Mei Mei Pops Up at Shepard: Shepard and Mei Mei Team Up for Dim Sum Brunch

By Bovey Rao ‘19

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What exactly is a pop-up restaurant? Most people do not know this terminology, as they are a relatively new development. Pop-up restaurants are when kitchens are lent out to other restaurants or chefs for temporary residence. While this seems like an extravagant venture, many great restaurants (Mission Chinese, NYC) have emerged from pop-ups, and many great restaurants (Aliena, Chicago) have hosted pop-up sessions. Usually, the menu is specially prepared for each individual session. Thus, when I heard that Mei Mei was hosting a pop-up at the nearby Shepard, I quickly booked a reservation.

Entering Shepard, we were greeted by the two teams and were seated after a brief wait. Glancing at the menu, I was immediately drawn to the unique fusion dishes. However, glancing at other tables, I noticed that the portions were a little small and ordered accordingly. After we ordered a long list of various dim sum dishes, I waited excitedly for our mix of buns, dumplings, and vegetables.

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The dry aged lamb buns were a delicacy with complex savory notes of Chinese five-spice. While incredibly soft and moist, the order only came with three relatively small buns, which was unfortunate for my party of four individuals. Later, we would discover this applied to most dishes we ordered. The corned beef and xo dumplings similarly had rich, savory flavors, but texturally the shredded beef was not the most appealing. As the dishes continuously arrived, I enjoyed the mildly spicy beef tendon. The gelatinous texture melded perfectly with the crisp skin that garnished the dish.

Still insatiated, I salivated as stuffed chicken wings and Carolina gold rice were placed at the table. Chicken wings filled with a smooth chicken mousse with a sweet glaze proved to be one of the highlights of the brunch. While rice may seem to be a peculiar dish to order, Carolina gold rice is a specific breed that garners significant national attention for its flavor. Anson Mills, a seed restoration group, found and revived this heritage breed and distributes it to many of the United States best restaurants (notably, Husk). Thus, I was excited to see them on the menu with a soy butter. While it may not taste empirically different, I had a profound appreciation of the crop, which may have altered my perception of the dish.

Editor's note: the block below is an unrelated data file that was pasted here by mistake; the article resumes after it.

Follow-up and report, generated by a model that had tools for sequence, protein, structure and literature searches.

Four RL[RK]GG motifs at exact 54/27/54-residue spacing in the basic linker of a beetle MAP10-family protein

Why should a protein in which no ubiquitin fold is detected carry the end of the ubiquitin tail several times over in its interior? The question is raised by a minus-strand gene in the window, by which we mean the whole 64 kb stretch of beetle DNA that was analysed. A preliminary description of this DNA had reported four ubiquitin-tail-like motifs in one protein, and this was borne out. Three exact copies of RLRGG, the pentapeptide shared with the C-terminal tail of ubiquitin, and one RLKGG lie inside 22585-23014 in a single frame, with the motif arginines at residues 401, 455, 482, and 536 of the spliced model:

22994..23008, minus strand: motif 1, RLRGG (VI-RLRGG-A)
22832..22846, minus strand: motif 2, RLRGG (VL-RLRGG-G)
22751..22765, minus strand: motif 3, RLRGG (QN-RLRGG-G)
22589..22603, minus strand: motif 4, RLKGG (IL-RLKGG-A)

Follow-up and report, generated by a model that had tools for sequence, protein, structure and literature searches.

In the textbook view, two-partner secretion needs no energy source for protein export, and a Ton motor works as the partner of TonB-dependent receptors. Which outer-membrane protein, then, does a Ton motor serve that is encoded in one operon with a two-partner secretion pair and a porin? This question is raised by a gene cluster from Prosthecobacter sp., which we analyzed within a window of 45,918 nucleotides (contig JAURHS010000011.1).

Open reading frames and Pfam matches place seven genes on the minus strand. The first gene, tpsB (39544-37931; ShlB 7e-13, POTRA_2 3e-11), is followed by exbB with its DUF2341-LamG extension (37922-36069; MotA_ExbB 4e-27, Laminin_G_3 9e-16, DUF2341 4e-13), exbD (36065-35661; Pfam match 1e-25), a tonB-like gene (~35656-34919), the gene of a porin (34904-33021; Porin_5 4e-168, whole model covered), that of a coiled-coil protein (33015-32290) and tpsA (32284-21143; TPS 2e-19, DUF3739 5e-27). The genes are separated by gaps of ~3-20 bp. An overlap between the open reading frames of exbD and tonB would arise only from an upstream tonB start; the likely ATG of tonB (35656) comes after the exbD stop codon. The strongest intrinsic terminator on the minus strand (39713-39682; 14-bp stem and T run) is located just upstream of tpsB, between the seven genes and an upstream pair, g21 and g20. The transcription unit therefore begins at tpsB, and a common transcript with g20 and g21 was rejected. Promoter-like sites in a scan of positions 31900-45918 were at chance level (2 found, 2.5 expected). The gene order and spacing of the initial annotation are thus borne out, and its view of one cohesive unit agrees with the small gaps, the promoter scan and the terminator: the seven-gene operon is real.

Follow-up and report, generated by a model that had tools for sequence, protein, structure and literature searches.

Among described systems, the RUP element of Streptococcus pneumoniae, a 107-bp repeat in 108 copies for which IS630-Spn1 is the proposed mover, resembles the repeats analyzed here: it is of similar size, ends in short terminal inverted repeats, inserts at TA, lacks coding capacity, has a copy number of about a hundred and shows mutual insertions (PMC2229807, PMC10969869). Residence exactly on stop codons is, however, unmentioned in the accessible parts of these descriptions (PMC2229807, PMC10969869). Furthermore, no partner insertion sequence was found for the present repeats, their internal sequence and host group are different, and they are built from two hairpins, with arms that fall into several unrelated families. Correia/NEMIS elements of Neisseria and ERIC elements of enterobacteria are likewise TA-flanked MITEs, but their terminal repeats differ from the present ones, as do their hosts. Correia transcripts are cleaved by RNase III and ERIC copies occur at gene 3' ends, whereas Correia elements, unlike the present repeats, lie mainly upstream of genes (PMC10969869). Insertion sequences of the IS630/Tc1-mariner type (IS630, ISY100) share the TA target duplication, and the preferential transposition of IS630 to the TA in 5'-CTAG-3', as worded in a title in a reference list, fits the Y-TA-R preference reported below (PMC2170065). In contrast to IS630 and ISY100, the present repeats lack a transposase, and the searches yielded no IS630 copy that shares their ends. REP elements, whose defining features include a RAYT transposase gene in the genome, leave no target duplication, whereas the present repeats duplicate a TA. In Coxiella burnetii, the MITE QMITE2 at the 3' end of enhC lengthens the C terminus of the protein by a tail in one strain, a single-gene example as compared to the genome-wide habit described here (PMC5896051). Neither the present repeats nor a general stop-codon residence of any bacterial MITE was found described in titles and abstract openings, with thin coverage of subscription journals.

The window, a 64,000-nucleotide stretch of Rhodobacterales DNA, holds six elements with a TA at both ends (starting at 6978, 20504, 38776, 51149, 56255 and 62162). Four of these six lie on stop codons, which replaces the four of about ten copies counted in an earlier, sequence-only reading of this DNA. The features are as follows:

After these courses, we added rounds of cabbage, leek, brined duck egg dumplings, lily shoots, and lo bok go, parsnip cakes. Dark green dumplings quickly reached the table, and we dived in. Freshly steamed, the dough was stickier than I was normally accustomed to but were appropriate to hold the looser filling. While the lo bok go were respectable, the accompanying fermented black beans were truly delicious. A light acidity complemented the natural creaminess, and I snacked on them thorough the meal. My favorite dish of the day was actually the lily shoots with fried shallots. Dark soy sauce provided the perfect salinity for the chewy but smooth shoots. I honestly was tempted to order more sets of lily shoots with rice but instead settled with the select dessert courses.

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The fried sesame balls and egg custard tarts proved to be elevated versions, but nothing that truly affected me. Delicious and simple, we enjoyed them as a solid finish to the meal. Overall, I was slightly disappointed with the size of the dim sum and the unequal portions for the table. I expected that they could accommodate a table of 4, since that is a standard party number. Regardless, the dishes proved to be soundly delicious with a few notable standouts. Mei Mei is arguably one of the most important restaurants in Boston, and I am glad they decided to come nearby. Hopefully, they will return soon with yet another nuanced menu. Shepard is one of the newest restaurants in Cambridge, and I hope people will join them for dinner one day.